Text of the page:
There are plenty of reasons for policy makers to continue to pay close attention to oil market security, even as they pursue a range of other important energy and environmental goals. A marked slowdown in the pace of overall oil demand growth is seen from the mid-2020s, but demand continues to grow briskly in much of Asia. And these supplies flow through major chokepoints. Rising output from the United States offers Asian importers opportunities for supplier diversification. But it also increases the pressure on producer economies, some of whom are in regions facing escalating geopolitical tensions.

No country is immune from these developments. The risks associated with a physical disruption to supply may change over time, but all are affected by price movements in an interconnected global market.

Against this backdrop, the role of emergency oil stocks to help cope with sudden supply disruptions remains vital, and the effectiveness of such stocks will be greater with broader participation and with increased attention to changes in crude quality and product demand.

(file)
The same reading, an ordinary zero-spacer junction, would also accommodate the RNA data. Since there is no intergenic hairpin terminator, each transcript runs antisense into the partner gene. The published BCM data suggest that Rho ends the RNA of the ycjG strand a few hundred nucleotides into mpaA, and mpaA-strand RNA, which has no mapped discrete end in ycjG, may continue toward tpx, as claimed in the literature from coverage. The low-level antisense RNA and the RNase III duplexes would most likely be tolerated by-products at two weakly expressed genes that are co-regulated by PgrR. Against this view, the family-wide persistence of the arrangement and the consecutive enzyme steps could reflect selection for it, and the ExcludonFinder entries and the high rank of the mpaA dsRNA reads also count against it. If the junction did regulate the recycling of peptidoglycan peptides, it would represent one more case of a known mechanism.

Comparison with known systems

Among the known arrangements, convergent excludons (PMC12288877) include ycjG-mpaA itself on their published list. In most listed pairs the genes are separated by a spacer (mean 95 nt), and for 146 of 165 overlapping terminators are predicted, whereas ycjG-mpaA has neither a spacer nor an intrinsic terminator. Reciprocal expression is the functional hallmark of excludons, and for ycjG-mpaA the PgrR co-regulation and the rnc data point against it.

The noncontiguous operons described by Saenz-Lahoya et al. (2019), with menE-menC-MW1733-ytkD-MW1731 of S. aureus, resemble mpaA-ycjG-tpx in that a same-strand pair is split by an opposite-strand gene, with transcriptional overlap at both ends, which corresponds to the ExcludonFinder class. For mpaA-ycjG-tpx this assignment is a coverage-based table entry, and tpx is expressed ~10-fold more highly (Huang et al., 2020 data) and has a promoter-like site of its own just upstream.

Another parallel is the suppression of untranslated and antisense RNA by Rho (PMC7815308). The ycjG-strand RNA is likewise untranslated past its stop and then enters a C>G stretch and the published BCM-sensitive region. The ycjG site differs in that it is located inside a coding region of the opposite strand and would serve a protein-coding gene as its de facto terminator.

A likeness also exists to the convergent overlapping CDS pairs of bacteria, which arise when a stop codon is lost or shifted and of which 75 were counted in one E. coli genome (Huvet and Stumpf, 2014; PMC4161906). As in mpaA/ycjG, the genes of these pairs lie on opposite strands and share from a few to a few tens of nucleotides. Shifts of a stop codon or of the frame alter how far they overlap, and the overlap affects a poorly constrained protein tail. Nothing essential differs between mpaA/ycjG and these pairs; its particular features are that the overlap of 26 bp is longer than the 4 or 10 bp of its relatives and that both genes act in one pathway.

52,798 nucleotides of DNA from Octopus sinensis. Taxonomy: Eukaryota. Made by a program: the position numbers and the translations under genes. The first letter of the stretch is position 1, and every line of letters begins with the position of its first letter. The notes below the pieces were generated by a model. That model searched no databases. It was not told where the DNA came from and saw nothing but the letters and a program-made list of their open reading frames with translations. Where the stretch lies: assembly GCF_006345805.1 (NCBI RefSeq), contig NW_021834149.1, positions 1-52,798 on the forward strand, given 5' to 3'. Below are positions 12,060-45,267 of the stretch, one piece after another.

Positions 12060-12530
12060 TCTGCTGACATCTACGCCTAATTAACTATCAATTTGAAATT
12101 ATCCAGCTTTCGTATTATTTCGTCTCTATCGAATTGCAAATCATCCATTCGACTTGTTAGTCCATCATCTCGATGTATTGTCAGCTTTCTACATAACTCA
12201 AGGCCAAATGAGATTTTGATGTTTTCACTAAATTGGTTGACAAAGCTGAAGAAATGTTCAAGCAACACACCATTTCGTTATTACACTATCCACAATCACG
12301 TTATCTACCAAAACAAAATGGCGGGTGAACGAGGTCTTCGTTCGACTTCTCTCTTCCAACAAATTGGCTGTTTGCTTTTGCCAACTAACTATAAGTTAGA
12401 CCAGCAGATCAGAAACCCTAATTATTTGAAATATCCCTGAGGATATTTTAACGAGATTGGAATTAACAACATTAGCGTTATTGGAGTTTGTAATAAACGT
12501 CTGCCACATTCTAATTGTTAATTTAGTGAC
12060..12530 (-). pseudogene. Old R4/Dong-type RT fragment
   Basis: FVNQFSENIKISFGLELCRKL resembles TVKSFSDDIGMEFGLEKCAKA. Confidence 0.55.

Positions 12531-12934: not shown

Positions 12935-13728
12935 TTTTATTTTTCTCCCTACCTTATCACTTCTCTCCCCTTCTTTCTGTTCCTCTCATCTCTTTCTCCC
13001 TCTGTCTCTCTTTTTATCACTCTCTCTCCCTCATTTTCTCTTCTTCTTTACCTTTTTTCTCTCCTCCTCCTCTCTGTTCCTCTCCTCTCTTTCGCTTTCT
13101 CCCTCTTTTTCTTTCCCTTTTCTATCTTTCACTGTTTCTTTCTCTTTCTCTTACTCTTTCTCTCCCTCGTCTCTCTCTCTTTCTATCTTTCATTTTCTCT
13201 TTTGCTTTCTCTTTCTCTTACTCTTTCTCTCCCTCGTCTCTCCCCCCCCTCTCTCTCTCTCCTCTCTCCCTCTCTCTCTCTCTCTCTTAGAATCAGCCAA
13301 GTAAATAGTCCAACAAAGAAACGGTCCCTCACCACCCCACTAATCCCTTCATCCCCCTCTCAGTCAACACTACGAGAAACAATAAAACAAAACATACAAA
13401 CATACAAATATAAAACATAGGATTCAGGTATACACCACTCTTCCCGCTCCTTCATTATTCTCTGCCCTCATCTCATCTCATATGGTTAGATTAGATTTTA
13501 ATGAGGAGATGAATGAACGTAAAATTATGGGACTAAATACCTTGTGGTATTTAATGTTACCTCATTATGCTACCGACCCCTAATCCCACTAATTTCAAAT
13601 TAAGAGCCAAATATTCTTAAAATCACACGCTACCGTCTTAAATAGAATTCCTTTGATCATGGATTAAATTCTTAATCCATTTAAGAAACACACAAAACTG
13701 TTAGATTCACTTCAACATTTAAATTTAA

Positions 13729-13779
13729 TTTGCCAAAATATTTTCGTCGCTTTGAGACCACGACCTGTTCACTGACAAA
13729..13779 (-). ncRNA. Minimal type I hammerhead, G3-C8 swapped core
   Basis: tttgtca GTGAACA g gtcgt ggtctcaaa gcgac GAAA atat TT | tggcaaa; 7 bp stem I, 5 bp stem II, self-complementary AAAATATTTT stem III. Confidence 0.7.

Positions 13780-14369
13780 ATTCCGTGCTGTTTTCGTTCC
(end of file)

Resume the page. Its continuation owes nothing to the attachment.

It will also be important for refiners to improve the flexibility of their operations; for importing countries to remove fossil fuel consumption subsidies and promote energy efficiency and alternative technologies to moderate their vulnerabilities; and for producer economies to expedite their efforts to reform and diversify their economies.

Founded 45 years ago, the IEA was initially designed to help countries coordinate a collective response to major disruptions in the supply of oil. The IEA’s work has evolved and expanded significantly since then and its expertise across the full spectrum of energy issues puts it at the heart of global dialogue on energy security and sustainability. But the founding mission remains as relevant as ever, and oil security continues to be a core issue for the IEA.

*Tae-Yoon Kim, WEO Energy Analyst

IEA